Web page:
Painting is a simple, inexpensive way to freshen up or completely alter a space, but it can be inconvenient! Room painting takes time to apply and dry, causing concern when homeowners need to continue with necessary daily activities such as eating and sleeping.
Is It Safe to Sleep in a Freshly Painted Room?
So the real question is, how long will it be before things return to normal? How long after you paint a room can you safely sleep in it? Most commercial and home paints emit gases as they dry, and some of these gases are toxic. These harmful chemicals make it unsafe to sleep in a newly painted room. You must wait at least 72 hours after painting before sleeping in your room, and double-check to ensure the paint is fully dry!
There are several factors to consider when thinking about room painting. Are you painting one room or your whole house or apartment? Are you only painting your cabinets? If you are painting the bedroom, consider relocating your sleeping space to a spare bedroom or couch for a few nights until the paint dries. Painting your whole home at once can be more logistically challenging. Consider the clean-up time and the multitude of harmful toxins in the air. Can you divide your project into parts or stay in a hotel for a while until your home is safer? Both options are a better solution than sleeping in a freshly painted room.
What Affects Paint Dry Time?
Several aspects affect how long paint takes to dry. When comparing room painting, you will find that each room takes a different amount of time to dry. Here are some things to consider:
Type of Paint
Different paint types have a wide variety of properties. These properties make some paints suitable for external use, some more durable, and others have a higher gloss or sheen, amongst many other potential differences. These different factors can vary the dry time of each paint type. In general, if you need paint that dries quickly, latex paint is a good option.
Temperature of the Room
It is critical to start your room painting at the right temperature. If the temperature is too low, it will take longer for the paint to dry. About 60 degrees Fahrenheit is the lowest temperature you should paint at. Anything lower than that will take far too long to dry.
Humidity Levels in the Air
Your home’s humidity level impacts how long your paint takes to dry. If the humidity is high, don’t expect your walls to be dry anytime soon. It is essential to track humidity in warm months to ensure your paint can dry adequately. Alternatively, humidity-optimized paints were developed for high-humidity climates. These paints are often oil-based colors and are ideal for kitchens, bathrooms, and other moisture-rich areas.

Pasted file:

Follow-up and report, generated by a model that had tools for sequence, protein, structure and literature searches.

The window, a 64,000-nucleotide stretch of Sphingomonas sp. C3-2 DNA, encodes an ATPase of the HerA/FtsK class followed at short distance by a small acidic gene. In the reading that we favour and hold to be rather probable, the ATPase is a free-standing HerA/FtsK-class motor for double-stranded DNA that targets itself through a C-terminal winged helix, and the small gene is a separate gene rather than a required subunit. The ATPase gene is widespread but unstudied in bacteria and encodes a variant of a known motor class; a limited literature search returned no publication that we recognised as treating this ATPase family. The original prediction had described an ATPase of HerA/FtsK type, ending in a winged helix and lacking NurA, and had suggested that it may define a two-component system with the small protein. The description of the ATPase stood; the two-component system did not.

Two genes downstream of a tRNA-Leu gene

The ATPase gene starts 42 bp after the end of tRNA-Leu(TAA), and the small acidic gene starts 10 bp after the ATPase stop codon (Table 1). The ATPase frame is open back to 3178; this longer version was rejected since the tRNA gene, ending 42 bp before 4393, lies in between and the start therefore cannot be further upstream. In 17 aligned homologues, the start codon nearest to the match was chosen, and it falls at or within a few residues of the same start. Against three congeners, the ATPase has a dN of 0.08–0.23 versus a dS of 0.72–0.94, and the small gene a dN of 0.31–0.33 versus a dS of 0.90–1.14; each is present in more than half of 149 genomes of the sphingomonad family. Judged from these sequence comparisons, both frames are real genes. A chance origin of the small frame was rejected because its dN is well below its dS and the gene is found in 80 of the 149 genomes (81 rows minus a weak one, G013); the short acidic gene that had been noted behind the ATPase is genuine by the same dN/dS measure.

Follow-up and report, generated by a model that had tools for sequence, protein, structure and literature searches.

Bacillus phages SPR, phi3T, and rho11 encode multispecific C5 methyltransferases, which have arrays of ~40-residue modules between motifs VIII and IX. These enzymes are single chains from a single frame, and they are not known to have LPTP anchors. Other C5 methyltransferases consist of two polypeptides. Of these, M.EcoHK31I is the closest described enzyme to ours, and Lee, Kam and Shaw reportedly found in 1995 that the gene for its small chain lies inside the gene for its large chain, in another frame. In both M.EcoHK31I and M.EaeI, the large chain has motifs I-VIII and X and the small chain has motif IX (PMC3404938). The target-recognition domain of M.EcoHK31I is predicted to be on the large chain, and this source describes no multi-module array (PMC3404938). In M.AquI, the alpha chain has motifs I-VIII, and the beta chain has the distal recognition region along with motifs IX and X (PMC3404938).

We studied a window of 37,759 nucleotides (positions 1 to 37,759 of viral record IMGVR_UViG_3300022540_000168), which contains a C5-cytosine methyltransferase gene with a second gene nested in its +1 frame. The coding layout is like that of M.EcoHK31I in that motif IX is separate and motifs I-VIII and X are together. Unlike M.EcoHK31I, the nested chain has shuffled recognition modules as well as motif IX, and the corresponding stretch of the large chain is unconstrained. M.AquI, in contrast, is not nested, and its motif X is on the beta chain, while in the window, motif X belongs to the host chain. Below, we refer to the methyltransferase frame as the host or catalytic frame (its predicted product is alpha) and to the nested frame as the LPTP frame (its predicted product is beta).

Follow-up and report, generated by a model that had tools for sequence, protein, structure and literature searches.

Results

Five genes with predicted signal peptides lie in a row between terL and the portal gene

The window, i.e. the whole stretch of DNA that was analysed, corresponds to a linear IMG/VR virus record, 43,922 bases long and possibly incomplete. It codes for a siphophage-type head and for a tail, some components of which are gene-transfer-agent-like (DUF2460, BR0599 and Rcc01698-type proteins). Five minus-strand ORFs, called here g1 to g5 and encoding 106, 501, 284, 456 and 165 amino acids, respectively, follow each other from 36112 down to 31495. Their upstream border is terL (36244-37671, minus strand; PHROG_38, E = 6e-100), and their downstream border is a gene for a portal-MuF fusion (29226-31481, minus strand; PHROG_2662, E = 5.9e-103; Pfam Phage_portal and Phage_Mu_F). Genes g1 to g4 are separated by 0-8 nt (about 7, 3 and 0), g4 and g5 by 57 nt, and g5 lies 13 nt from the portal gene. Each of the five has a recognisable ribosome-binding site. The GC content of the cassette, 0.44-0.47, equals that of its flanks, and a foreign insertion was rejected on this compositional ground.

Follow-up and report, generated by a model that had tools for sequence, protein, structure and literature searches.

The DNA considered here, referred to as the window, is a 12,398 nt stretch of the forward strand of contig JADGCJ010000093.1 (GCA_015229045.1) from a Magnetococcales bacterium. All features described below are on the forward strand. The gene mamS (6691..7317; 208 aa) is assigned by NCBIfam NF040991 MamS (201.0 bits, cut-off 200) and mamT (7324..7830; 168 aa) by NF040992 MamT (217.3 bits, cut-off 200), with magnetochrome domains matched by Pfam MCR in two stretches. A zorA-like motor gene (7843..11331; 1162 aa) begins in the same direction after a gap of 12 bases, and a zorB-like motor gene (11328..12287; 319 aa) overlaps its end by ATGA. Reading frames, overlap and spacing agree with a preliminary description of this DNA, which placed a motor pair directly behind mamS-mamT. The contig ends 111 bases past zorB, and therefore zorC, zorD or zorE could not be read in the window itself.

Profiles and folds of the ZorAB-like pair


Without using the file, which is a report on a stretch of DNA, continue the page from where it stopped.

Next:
Air Flow Availability
Constant airflow is helpful to ensure that all fumes and toxins exit the rooms. If possible, keep windows and doors open to maximize air movement throughout the space. Fans and air conditioning are a great addition and can help remove those harmful chemicals, as well as help the drying process.
What are the Risks of Sleeping in a Freshly Painted Room?
Drying paint releases volatile organic compound (VOC) chemicals. These chemicals are toxic to adults, children, the elderly, and even your pets! VOCs off-gas as the paint dries, making it unsuitable to stay in the room for at least 72 hours after room painting. Here are some ways VOCs and drying paint can affect you:
VOC exposure is correlated to cancer in studies with cats and dogs. There are beliefs amongst the scientific community that VOC exposure can also be responsible for cancer development in humans.
Paint contains a multitude of chemicals – even water-based paints commonly lead to adverse allergic reactions. Those with latex allergies can have severe symptoms caused by latex-based paint. Additionally, VOCs can cause allergy-like symptoms such as teary eyes, rashes, hives, intense headaches, and eczema. These allergic reactions can also lead to further respiratory problems. Studies show that children exposed to VOCs are especially at high risk.
VOCs can damage your internal organs as well. Your thyroid, liver, and kidneys can be easily affected by VOC exposure. Your liver and kidneys are vital organs responsible for filtering and removing toxins from your body. Overwhelming them with VOCs can lead to organ failure.
Nervous System Damage
Paint fumes pass through your internal systems as you inhale them – through your respiratory system, cardiothoracic system, and onto your nervous system. They can seep into your brain, causing disruption in function and potentially leading to central nervous system damage. It can make you dizzy, cause brain fog, and even more severe problems such as memory loss or mobility and balance issues.
What Paint Types Are Best for your Health?
When trying to purchase paint, first check the labels. Often, paint labeled as eco-friendly means it has no or low VOCs. Without this label, assume it has high VOCs and that you should avoid sleeping around the new paint anywhere from 3 days to two weeks after completion.
A good rule of thumb is that water-based paints, such as latex paints, are lower in VOCs than oil-based paint. However, it does come down to composition and the number of grams of VOCs per liter. Consulting with a professional painting service such as Paintmaster Services can help you find the optimal paint for your home and budget while keeping your VOC exposure low.
How Paint Master Services Can Help
Room painting can be complicated, especially trying to paint your whole home! The edging, cutting in, rolling, drying, and clean-up processes are all time-consuming. If you want to sleep in your freshly painted house faster, Paint Master Services can help! Visit our website to get a free estimate for residential house painting. Let the pros at Paint Master Services take care of your interior room painting for you!